Fifth, we must minimize the risk that nuclear weapons might fall into the hands of terrorists. There is no greater priority in the global war on terrorism. We can accomplish this by reducing the availability of nuclear weapons and material on a global basis. This is an urgent requirement. Consistent with it, we should start now to reconfigure the U.S. nuclear production complex to dramatically reduce its size. We should not start producing new weapons until we have a much smaller, safer production complex.
Sixth: Russia still holds on to even larger inventories of nuclear weapons than we do, in the false belief that this compensates for its current conventional weaknesses. This is counterproductive. After all, Russia has hostile terrorist forces on its borders and has experienced terrorism directly on its own soil. The greatest danger it faces stems from its huge nuclear inventory. Both the United States and Russia must lead the world to smaller inventories. But the United States has a much better basis for making this argument if it takes the lead.
Seventh, any approach to building new warheads for a future arsenal needs to be integrated into a comprehensive program that minimizes the attractiveness of nuclear weapons to nonnuclear countries, encourages the reduction of excessive inventories among nuclear states, and strengthens the controls over nuclear stocks and material. This requires that we return to the fundamental goals that shaped adoption of the Nuclear Non- Proliferation Treaty and retool them for today. Simply skimming over things in periodic review conferences -- such as the one scheduled to start today -- is another example of sleepwalking.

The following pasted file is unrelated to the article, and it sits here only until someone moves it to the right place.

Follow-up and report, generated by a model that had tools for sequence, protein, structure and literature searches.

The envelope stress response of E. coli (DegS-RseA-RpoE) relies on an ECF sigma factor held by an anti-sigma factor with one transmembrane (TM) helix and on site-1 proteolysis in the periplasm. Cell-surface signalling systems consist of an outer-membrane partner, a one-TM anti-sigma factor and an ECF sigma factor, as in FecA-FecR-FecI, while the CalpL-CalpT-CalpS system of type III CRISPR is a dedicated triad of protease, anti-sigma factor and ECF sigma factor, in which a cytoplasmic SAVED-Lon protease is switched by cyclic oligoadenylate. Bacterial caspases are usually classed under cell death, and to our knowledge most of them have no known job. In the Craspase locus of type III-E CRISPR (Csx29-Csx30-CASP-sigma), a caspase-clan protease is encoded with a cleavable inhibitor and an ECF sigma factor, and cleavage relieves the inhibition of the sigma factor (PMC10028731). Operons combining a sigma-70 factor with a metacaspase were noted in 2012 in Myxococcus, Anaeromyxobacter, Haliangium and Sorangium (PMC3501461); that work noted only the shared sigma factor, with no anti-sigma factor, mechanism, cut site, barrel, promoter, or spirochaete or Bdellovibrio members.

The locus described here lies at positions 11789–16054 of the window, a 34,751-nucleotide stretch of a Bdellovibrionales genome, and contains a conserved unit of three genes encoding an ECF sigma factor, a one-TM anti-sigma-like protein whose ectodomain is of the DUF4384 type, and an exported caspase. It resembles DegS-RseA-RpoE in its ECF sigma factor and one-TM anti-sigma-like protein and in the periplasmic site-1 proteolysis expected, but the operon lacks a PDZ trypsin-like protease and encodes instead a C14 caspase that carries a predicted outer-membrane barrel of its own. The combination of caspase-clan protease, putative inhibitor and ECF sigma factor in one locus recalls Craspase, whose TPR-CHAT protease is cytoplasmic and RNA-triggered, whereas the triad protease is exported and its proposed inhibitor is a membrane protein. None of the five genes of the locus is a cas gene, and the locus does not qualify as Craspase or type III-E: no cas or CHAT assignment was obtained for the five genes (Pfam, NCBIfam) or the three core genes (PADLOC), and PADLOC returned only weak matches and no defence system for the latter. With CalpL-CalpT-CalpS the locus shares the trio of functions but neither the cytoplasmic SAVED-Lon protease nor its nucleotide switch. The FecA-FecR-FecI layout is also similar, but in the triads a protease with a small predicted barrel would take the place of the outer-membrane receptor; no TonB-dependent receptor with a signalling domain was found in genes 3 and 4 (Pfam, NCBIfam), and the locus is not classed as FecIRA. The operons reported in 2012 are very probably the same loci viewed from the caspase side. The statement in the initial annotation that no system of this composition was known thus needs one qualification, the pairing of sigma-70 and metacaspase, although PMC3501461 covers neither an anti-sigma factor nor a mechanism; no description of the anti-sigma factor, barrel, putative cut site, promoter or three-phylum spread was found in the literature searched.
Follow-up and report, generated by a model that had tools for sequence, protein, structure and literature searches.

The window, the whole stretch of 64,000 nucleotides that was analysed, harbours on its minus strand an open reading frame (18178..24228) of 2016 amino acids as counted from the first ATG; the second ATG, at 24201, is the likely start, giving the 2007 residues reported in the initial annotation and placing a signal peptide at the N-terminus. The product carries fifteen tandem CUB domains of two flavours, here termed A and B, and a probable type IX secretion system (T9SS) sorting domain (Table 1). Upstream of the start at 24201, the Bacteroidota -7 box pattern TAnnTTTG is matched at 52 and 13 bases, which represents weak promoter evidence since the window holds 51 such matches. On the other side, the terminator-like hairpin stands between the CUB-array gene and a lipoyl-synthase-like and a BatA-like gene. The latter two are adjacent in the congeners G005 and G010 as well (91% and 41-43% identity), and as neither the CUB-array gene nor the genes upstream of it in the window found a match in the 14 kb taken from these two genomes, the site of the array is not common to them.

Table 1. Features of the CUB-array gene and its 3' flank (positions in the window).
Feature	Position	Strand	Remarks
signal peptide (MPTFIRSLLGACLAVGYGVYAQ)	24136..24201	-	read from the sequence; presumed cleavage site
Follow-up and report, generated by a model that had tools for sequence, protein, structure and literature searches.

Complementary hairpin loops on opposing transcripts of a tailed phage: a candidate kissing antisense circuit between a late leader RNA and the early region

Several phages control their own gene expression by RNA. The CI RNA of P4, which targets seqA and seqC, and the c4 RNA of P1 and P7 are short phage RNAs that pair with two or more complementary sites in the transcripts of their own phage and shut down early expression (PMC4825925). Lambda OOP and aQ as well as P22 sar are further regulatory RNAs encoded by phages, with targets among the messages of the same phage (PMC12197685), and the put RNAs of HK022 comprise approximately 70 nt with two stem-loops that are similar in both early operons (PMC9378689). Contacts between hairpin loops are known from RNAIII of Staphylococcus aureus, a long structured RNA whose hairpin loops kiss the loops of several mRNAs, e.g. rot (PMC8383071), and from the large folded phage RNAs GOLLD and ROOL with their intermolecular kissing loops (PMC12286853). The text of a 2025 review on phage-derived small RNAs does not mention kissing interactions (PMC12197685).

Finally, I do not believe we need to test the existing arsenal of weapons. The Energy Department's Stockpile Stewardship Program is adequate to that limited task, though I recognize that experts I trust argue that at some point we may need to test in order to validate the knowledge base underlying our current certification process. This problem will disappear, however, as we retire the current inventory.
Almost all technical experts believe we probably do not need to test new-design weapons to have high confidence in their effectiveness. But if we completely retire all existing systems, I think we should test the new weapons to demonstrate to the world that they are credible. Such testing need not be extensive. And while I acknowledge that testing is widely seen as a provocative act, it can be made acceptable internationally so long as it is preceded by a commitment to retire our entire existing inventory.
The actions I recommend would probably save a considerable amount of money, but that isn't why I support them. They are necessary if we are to have a reliable deterrent in the future and a diminished risk of nuclear terrorism. This is an area in which we need to scrap the past and start from scratch. The time for sleepwalking is indeed over.
The writer, a former deputy defense secretary, is president of the Center for Strategic and International Studies.